MIDDLESEX - With about $141 in financial assistance from the Mass. School Building Authority (MSBA) at stake, the future of a new $317 million Northeast Metropolitan Technical High School could very well rest on the outcome of several key municipal meetings over the next 10 days.
At the outset of this month, Town Meeting members in Stoneham and North Reading both agreed to commit their communities to the construction of a new 390,000 square foot building at the 60-acre Wakefield vocational school grounds off of Hemlock Road.
Both votes were taken as the MSBA, which in August agreed to cover roughly 76 percent of eligible costs for the new high school, gave the regional district until Dec. 23 to appropriate the needed funding for the project.
“Thank you to Town Meeting voters in North Reading and Stoneham for their overwhelming backing of the school building project, and to the town officials who have supported this,” Northeast Metro Tech Superintendent David DiBarri said of the recent votes of support. “These Town Meeting votes validate the need for a new building and the countless hours the Building Committee has spent developing the best and most cost-effective project possible."
“The new school will feature 21st-century learning environments, improved Individualized Education Program (IEP) accommodations, state-of-the-art shop space, expanded program offerings, a new primary access roadway from Farm Street to reduce traffic congestion, a full-size gym, a 750-seat auditorium, outdoor space for learning and a new cafeteria,” vocational school officials added in a recent prepared statement about the project.
Stoneham and North Reading will reportedly be required to contribute roughly $11 million and $4.68 million, respectively, towards the construction project.
With the new four-story high school’s projected costs based upon student enrollment figures, municipal leaders in other area communities like Winchester, Reading, and Melrose are also likely to okay the construction of the new school by default - or without even voting on the matter.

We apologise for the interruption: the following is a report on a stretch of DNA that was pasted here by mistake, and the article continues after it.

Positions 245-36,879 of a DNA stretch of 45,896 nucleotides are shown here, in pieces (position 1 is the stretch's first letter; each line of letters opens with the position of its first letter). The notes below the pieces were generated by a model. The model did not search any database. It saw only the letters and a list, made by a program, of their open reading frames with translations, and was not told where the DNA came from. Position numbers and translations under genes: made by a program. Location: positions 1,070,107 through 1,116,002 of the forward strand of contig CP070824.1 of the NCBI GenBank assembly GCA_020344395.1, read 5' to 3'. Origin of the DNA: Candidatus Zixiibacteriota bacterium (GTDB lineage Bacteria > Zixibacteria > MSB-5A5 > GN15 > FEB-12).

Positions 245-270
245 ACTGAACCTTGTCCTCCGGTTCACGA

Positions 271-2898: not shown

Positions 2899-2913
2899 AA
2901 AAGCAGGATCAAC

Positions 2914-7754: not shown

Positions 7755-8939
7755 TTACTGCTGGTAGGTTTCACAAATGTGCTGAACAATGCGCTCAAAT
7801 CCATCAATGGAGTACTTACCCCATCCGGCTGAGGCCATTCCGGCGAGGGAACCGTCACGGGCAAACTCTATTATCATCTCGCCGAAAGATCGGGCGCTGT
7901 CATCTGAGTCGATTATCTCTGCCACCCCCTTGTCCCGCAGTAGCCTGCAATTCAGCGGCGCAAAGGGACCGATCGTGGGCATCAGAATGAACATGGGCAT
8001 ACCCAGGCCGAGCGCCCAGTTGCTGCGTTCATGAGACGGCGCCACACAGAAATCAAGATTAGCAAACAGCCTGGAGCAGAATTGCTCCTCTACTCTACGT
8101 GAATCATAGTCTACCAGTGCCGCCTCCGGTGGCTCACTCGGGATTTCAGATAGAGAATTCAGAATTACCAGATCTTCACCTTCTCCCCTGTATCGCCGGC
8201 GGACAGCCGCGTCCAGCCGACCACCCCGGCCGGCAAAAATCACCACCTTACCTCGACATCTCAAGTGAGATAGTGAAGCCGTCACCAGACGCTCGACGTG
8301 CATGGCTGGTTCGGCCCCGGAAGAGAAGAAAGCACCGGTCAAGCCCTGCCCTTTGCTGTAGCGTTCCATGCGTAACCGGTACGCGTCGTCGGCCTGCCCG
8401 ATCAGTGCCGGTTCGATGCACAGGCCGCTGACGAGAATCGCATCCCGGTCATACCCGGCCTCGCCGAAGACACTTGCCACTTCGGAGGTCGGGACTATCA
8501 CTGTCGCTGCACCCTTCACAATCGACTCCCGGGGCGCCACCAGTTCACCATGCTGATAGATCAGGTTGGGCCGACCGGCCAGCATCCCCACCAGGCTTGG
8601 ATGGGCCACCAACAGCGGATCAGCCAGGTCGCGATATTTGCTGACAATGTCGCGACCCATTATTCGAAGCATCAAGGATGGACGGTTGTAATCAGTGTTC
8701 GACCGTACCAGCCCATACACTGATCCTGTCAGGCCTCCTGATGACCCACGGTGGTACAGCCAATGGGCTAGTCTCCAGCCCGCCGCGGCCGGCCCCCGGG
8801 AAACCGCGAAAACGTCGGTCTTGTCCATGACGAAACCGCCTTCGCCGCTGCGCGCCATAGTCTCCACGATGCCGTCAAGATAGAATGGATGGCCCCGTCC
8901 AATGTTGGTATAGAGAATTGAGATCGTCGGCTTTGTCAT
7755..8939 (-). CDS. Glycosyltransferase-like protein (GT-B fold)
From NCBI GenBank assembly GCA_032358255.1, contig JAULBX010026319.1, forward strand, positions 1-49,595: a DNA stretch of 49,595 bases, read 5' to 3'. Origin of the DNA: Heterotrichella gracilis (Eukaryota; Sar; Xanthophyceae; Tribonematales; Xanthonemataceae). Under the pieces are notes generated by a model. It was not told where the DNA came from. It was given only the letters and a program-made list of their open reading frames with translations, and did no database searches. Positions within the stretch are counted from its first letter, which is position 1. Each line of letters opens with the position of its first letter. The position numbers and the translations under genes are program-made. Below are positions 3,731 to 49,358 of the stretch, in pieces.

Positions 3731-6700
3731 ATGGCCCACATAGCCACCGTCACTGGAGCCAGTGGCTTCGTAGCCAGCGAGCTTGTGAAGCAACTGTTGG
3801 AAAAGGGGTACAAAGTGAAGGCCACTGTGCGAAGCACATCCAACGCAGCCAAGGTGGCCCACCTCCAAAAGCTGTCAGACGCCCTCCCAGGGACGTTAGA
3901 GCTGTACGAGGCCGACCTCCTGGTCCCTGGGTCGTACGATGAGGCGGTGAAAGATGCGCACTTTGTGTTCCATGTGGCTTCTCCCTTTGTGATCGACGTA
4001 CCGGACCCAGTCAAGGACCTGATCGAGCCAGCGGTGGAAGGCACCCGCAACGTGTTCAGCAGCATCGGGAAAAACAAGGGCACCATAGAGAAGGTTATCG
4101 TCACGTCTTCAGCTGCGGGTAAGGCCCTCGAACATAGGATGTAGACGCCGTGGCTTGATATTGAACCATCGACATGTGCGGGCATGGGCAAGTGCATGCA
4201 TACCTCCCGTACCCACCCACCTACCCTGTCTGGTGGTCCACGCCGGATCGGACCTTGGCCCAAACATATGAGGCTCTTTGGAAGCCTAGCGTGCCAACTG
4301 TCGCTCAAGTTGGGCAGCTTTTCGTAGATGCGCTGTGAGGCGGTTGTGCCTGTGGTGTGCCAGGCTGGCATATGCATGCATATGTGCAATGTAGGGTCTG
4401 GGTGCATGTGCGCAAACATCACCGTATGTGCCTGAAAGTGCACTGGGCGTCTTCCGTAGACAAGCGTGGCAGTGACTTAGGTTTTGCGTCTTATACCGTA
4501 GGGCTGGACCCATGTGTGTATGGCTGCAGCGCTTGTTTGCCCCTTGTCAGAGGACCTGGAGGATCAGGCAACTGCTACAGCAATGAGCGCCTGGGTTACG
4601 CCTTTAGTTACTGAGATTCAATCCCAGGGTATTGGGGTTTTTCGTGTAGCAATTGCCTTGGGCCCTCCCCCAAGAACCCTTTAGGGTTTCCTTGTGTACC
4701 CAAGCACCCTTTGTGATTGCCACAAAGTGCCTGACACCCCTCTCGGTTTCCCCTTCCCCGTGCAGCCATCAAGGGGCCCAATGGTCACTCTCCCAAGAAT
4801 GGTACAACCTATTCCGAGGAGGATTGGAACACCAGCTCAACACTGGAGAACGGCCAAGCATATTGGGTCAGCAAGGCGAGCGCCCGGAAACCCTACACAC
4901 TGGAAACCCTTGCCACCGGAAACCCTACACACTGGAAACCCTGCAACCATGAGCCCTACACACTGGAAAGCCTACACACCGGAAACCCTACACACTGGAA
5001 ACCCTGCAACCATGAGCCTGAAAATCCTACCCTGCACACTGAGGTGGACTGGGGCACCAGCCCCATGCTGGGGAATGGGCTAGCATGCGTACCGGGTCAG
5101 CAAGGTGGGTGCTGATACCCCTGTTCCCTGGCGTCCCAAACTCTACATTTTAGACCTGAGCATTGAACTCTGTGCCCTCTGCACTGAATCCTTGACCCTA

For example, Winchester, which is only sending 11 students to the vocational school this year, will be asked to pay just $1.51 million for the state-of-the-art facility. Meanwhile, Melrose and Reading, which both send around 35 students to Northeast Metro Tech, will contribute between $4.5 to $4.7 million each for the undertaking.
However, the early and easy victories in Stoneham and North Reading are already being matched by pushback from officials in the City of Chelsea, who say their less affluent population cannot afford the approximate $32.8 million price-tag being assessed to the gateway community for the project.
During a meeting in Chelsea City Hall earlier this month, various city councilors insisted the proposed construction assessment threatened to consume almost the entirety of the city’s excess tax levy capacity under Proposition 2 and 1/2.
A tax reform passed in the 1980, proposition 2 and 1/2 prevents cities and towns from raising its tax levy by more than 2.5 percent from year to year. The year-to-year real-estate tax bill cap excludes new growth realized from revenues generated for the first time by new developments.
“The annual cost to the City of Chelsea over the next 30 years is almost $1.9 million. This is over and above the $1.2 million we already pay annually to Northeast to educate [around 238 students there],” vented frustrated Chelsea City Councilor at-Large Leo Robinson during a meeting on Oct. 4.
“This can easily pass in a back-door room. It could happen quietly and right behind our backs. It could cause an economic crisis in our community,” later worried City Councilor Judith Garcia.
On Monday, Oct. 18, Northeast Metro Tech’s superintendent and the new school’s design team will attempt to sell the $317 million high school to hesitant Chelsea officials and further clarify the approval process around the building project.
Already, Chelsea’s City Council has forwarded to a subcommittee for consideration a proposed order to reject the new vocational school assessment.
If the funding request is denied by Chelsea or any other sending community, the matter would go to the ballot box in the form of a referendum question to be decided by voters of all 12 member communities. That special election would tentatively occur in early December.
In order to pass at the ballot, at least 50 percent plus 1 voter of the entire school district’s electorate would need to okay the funding request.
Helping Northeast Metro Tech officials sell the project, former Shawsheen Technical High School superintendent Charlie Lyons boasted earlier this month that the Wakefield school serves perhaps the most culturally and economically diverse student body in the entire state.